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76  Using Arduino / General Electronics / Re: PWM as ground...is it possible? on: September 08, 2012, 01:19:12 am
Thanks a lot guys smiley Have a nice day
77  Using Arduino / General Electronics / Re: PWM as ground...is it possible? on: September 08, 2012, 12:13:24 am
Thanks for the answer and the info but you haven't really answered my question.

What i am basically asking is this:

http://arduino.cc/en/Reference/Constants
"When a pin is configured to OUTPUT with pinMode, and set to LOW with digitalWrite, the pin is at 0 volts. In this state it can sink current, e.g. light an LED that is connected through a series resistor to, +5 volts, or to another pin configured as an output, and set to HIGH. "

Can i achieve the exact same thing by setting a pwm pin to 0? In other words, if a pwm pin is set to 0 then can it sink current?

Again thanks :>
78  Using Arduino / General Electronics / PWM as ground...is it possible? on: September 07, 2012, 03:51:54 pm
Guys, can i use pwm to connect to ground?
For example, when i set pwm to be 0, can the pwm pin receive current? Can it be used to saturate a PNP BJT by acting as a ground for the transistor's base? If yes, how many mA can it handle as a ground?

Thank you in advance and have a great day smiley
79  Using Arduino / General Electronics / Re: Fet or Bipolar junction transistor? on: April 09, 2012, 01:07:11 am
@spirilis
Thanx for the reply dear sir... and i am not 30...just turned 17 a week ago....i love electronics and this is a subject that highschool does not teach so i am self taught...again thank you
80  Using Arduino / General Electronics / Re: Fet or Bipolar junction transistor? on: April 08, 2012, 05:38:27 pm
Thanx for the advice sir smiley
81  Using Arduino / General Electronics / Fet or Bipolar junction transistor? on: April 08, 2012, 03:38:06 pm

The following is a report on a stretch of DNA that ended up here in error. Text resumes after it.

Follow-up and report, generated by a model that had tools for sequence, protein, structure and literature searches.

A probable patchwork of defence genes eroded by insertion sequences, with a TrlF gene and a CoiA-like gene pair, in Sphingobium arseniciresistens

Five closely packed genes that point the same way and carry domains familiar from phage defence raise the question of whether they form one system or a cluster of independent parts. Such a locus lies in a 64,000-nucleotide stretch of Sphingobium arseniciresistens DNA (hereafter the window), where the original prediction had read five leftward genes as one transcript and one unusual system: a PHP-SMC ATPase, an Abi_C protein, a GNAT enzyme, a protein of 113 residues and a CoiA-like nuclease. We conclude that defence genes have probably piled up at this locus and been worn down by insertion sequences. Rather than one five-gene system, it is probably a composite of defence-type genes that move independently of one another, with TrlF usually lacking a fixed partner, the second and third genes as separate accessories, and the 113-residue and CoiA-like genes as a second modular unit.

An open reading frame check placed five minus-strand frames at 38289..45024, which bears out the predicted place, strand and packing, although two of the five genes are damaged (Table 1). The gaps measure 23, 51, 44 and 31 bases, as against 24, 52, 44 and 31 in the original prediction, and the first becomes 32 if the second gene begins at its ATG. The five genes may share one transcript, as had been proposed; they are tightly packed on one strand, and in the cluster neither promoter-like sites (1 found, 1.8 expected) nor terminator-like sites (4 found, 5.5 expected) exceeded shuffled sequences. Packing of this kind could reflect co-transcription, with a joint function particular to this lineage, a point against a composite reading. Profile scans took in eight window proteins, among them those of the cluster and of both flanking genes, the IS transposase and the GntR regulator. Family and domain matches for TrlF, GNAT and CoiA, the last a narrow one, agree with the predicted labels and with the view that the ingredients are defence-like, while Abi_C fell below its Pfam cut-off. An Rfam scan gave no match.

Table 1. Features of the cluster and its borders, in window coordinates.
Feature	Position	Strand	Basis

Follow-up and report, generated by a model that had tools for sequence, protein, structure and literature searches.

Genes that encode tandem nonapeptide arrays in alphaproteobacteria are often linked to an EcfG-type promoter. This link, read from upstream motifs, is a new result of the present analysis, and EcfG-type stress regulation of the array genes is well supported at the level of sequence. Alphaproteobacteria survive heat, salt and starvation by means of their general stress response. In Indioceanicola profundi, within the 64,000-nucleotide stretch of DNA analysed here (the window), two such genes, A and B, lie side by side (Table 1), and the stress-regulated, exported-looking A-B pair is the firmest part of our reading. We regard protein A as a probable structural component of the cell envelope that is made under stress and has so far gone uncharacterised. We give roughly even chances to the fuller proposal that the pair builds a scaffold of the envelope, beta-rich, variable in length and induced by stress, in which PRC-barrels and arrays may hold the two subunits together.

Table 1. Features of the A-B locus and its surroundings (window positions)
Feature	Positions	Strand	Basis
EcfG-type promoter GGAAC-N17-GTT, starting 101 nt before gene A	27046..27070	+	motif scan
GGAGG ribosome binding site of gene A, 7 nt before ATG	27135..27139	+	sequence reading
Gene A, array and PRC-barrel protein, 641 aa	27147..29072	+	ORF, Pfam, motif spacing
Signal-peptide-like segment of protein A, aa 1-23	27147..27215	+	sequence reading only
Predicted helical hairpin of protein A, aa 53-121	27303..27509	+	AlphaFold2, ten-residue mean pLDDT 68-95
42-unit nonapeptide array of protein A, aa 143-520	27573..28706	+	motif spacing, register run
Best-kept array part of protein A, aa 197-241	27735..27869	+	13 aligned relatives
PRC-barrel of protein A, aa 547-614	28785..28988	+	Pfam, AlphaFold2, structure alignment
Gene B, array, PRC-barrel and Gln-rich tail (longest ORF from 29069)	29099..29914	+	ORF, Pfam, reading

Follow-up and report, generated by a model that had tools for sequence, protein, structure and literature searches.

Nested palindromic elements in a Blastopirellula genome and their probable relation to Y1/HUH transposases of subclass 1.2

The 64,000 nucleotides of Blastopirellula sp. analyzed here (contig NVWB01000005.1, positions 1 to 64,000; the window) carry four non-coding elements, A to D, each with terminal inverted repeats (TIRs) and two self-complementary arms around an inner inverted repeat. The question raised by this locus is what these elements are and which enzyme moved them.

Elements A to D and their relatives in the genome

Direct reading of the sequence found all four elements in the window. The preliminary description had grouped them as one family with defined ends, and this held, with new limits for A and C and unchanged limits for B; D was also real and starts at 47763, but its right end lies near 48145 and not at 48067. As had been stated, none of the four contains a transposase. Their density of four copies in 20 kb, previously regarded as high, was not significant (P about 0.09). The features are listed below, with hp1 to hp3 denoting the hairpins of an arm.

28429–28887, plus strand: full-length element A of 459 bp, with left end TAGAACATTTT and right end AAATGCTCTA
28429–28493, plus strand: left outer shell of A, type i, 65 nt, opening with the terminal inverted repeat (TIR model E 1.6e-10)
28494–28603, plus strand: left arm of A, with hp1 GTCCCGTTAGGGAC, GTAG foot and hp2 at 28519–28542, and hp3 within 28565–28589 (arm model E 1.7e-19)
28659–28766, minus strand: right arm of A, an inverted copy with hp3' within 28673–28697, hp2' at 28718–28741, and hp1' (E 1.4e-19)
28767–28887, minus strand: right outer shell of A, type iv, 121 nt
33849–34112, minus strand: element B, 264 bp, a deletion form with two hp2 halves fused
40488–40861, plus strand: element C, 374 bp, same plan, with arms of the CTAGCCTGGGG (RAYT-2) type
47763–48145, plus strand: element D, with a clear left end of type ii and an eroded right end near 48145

Guys could you please answer me these?
>Whats the difference in use between a fet (ie mosfet) and a bipolar junction transistor (ie npn) ?
>I ve heard that fets are voltage controlled and that bipolars are current controlled. Am i correct on this? How would a bipolar react to higher voltage at the same current and how would a fet react to a higher current at the same voltage?
> When do i use an npn and when a pnp? I mean whats the great difference in use between them?
> How do i check out which is an npn and a pnp using a multimeter?
> Is there a way to know which one pin of the bipolar is which without the need to check for a datasheet? (ie turn the transistor facing its front side, the left pin is the collector, the right pin is the emitter  and the middle pin the base)
> Would anything change if the load was connected to the emitter instead of the collector?

Thanx in advance for the help and have a nice day smiley
82  Using Arduino / Motors, Mechanics, and Power / Re: Power,Voltage,Current & Resistance of a motor on: April 04, 2012, 05:20:23 pm
Thank you very much for the info sir smiley
83  Using Arduino / Motors, Mechanics, and Power / Re: Power,Voltage,Current & Resistance of a motor on: April 02, 2012, 03:06:01 pm
True... the wire was indeed tiny(1mm diameter) and the connections just touching  .One of the motor terminals was connected on the chassis (ground) through the tiny alligator clip wire and the other pole of the motor touching the + pole of the battery.  Could you please explain the wire/line thing to me?

If i got this straight you mean that because of the tiny wire and the bad connections, the wire's resistance increased when the 1A was drawn and therefore more voltage was used by the wire. So basically with 1A of current, the resistance of the wire became comparable with the resistance of the motor and therefore i had created a voltage divider circuit. Am i correct on this? Please shine some light on this as well smiley-razz
84  Using Arduino / Motors, Mechanics, and Power / Re: Power,Voltage,Current & Resistance of a motor on: April 02, 2012, 12:45:12 pm
Thank you very very very much smiley
Regarding the battery thing...